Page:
Girish Mahajan (Editor)

.276 Pedersen

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Type  Rifle
Used by  United States
Designed  1923
Place of origin  United States
Designer  John Pedersen
.276 Pedersen

In service  1923–1932 (experimental)

The .276 Pedersen (7×51mm) round was an experimental 7 mm cartridge developed for the U.S. Army and used in the Pedersen rifle and early versions of what would become the M1 Garand.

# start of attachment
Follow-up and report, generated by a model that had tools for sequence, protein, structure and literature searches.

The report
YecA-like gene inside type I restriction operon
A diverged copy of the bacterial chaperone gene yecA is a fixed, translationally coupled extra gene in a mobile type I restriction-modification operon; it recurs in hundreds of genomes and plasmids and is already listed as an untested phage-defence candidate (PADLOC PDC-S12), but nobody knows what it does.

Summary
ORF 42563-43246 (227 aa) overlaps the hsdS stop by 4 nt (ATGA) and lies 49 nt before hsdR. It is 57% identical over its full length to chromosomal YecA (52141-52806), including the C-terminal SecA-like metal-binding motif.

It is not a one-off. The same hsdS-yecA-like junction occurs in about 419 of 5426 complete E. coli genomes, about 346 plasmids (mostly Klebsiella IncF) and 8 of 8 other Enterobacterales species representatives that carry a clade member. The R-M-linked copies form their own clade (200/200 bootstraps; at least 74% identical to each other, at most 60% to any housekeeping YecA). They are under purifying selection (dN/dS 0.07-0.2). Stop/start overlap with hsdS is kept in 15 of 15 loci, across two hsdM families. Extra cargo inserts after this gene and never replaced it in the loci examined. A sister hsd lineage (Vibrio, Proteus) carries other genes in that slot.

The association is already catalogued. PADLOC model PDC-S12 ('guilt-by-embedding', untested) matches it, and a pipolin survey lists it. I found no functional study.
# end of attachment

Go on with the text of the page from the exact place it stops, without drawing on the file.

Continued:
Developed in 1923 in the United States, it was intended to replace the .30-06 Springfield in new semi-automatic rifles and machine guns. When first recommended for adoption, M1 Garand rifles were chambered for the .276 Pedersen, which held ten rounds in its unique en-bloc clips. The .276 Pedersen was a shorter, lighter and lower pressure round than the .30-06, which made the design of an autoloading rifle easier than the long, powerful .30-06. The U.S. Army Chief of Staff Gen. Douglas MacArthur rejected the .276 Pedersen Garand in 1932 after verifying that a .30-06 version was feasible.


.276 Pedersen Wikipedia